BETTY WEAR, PERIPHERY BOTH CLOSE THEIR DOORS
Byline: Karyn Monget
NEW YORK — Continuing the consolidation within the innerwear industry, the new year has started out with two vendor casualties — Betty Wear Inc., a young designer daywear and foundations firm founded in 1991, and Periphery Inc., a 25-year-old maker of loungewear.
Betty Wear illustrates the squabbles young designers can get into with financial backers. Periphery, on the other hand, is a key example of how the thinner turnout of major buying groups during market weeks and the shrinking numbers of prime retailers are affecting firms. With the closing of I. Magnin, for example, Periphery executives claimed the company lost more than $400,000 in annual business — a hefty piece of change for a company that had projected doing $7 million this year.
Jennifer Buckley and Scott French, the design team who started Betty Wear, had been backed by David Rothberg for 3 1/2 years. But Rothberg, a men’s sweater contractor, pulled the plug in December, and the firm officially closed on Jan 1.
Buckley and French had been known for their signature style of patchwork looks and mixing of ready-to-wear fabrics. The Betty Wear line had been sold to smaller specialty boutiques and major stores.
French said annual wholesale volume had been $1 million.
“Rothberg no longer wanted to be in the intimate apparel business,” said French. “He locked us out of our studio and offices in December.”
“I went beyond my initial agreement,” said Rothberg. “I advanced money against profits and future monies that never came in.” Rothberg said he filed a lien on the Betty Wear name for over $200,000.
“I’ll eventually own the name,” said Rothberg. But he said he did not know what he would do with the Betty Wear name in the future.
In response, French said, “I disagree with those figures. We are unaware of how Rothberg came up with those figures.”
French said he and Buckley are currently looking for employment as a design team, but they aren’t seeking another backer.
Periphery — after a brief attempt at downsizing late in 1994 to make up for declining sales — was closed by the start of 1995. However, several members of the Lewis family, which started and ran the firm, quickly found another situation, heading a newly formed loungewear and casualwear division at Banner Industries, a budget-to-moderate sportswear maker.
Banner, at 469 Seventh Ave., has hired Judy Lewis, who was Periphery president, as the division’s merchandise manager; her son, Bob Lewis, is president, and his wife, Susan Lewis, is production coordinator.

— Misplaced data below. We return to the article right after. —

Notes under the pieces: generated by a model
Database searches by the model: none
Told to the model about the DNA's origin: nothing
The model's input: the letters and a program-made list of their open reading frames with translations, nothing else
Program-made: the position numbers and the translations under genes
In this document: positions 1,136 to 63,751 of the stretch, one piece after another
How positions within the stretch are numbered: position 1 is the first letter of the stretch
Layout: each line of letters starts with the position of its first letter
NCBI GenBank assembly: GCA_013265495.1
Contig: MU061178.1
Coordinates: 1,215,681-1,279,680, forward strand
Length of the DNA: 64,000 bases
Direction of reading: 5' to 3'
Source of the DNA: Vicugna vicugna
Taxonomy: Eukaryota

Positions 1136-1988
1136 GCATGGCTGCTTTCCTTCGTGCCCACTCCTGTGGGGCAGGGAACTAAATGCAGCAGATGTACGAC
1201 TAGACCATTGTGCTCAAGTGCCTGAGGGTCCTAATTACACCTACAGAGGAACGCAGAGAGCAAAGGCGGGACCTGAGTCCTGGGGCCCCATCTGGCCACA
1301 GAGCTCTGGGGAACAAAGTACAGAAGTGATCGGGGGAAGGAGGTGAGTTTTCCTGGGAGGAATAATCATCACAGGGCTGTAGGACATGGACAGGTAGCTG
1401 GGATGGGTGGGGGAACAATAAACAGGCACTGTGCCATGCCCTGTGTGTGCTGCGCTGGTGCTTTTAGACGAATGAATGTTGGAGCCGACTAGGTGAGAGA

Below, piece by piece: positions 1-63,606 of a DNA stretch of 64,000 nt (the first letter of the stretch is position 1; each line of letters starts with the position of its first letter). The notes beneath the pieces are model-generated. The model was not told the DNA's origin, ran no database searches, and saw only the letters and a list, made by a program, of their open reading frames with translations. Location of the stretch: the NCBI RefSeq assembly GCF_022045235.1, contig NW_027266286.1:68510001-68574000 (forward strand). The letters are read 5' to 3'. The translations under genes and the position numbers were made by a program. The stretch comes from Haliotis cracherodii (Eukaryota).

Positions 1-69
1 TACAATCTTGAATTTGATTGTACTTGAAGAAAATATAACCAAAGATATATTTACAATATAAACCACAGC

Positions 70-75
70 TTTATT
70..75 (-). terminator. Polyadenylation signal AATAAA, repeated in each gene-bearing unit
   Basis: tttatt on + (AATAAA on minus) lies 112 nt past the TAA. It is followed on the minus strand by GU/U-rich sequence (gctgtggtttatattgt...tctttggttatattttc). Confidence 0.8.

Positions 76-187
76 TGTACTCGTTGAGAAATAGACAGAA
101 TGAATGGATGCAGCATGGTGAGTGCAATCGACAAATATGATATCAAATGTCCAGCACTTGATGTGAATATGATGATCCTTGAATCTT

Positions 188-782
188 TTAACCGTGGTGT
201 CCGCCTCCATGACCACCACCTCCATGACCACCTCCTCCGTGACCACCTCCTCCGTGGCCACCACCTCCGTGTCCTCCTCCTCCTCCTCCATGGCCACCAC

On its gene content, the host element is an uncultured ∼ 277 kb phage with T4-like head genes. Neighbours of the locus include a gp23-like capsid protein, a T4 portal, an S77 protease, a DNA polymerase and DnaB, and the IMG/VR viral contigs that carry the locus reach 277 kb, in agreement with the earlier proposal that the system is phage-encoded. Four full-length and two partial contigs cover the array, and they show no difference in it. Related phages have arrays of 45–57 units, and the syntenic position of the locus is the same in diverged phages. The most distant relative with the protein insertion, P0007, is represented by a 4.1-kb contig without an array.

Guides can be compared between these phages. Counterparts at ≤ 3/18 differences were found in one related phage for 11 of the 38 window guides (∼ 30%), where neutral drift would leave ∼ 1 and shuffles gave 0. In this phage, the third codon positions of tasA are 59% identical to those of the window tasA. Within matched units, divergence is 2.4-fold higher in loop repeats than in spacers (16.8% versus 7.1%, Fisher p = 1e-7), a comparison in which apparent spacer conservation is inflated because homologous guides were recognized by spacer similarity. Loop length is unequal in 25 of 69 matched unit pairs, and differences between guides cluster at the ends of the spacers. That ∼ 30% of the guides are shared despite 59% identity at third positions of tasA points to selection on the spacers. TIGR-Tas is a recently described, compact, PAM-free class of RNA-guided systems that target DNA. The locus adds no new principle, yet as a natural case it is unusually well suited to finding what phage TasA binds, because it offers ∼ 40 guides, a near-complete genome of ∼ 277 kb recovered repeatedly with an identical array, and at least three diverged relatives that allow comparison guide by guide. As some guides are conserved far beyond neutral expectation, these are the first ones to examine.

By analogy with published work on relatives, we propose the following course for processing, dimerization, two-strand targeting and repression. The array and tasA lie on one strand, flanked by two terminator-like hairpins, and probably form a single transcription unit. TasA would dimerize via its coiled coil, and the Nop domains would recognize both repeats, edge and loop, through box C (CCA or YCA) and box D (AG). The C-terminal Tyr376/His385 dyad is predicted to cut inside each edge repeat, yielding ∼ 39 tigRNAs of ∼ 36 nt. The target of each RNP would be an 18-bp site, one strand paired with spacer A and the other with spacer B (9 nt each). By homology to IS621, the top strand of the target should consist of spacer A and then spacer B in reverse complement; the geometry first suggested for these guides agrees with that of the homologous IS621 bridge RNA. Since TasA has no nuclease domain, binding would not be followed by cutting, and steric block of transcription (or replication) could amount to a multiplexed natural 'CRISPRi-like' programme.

Periphery’s former designer, Leigh Karmitz, also has joined Banner’s new division, which has not yet been named.
“We’ll be doing a lot of private label merchandise for mail-order houses, and I feel very optimistic,” said Judy Lewis.
Larry Kaplan, vice president of Banner, said Banner did not acquire the Periphery name or assets, but noted, “We do a lot of private label for catalogs. They had a good customer base, a nice product line, and they are well liked in the market place.”
Nancy Lewis, formerly sales manager at Periphery, did not join Banner, and is looking for employment elsewhere, said her mother, Judy Lewis. Michael Lewis, another son of Judy Lewis, joined I. Appel this month as general sales manager for the Appel robe and David Brown divisions. He had been vice president of sales and marketing at Periphery. Lewis reports to Norman Katz, chairman of I. Appel.
Meanwhile, the David Brown division of Appel is another example of the tightening up in the industry. This month, Appel closed the headquarters showroom for Brown in Los Angeles, eliminating a staff of six people there, and absorbing the functions into Appel’s New York showroom.
“It has to do with general consolidation. We felt it was important for future growth,” said Katz, noting that the firm’s Lucine Pelinni dress division, which also was located at Appel’s West Coast offices, was closed this month. “We wanted to concentrate on intimate apparel,” said Katz.
Paul Cancelli will continue to design the David Brown lines for Appel from his own design studio in Los Angeles.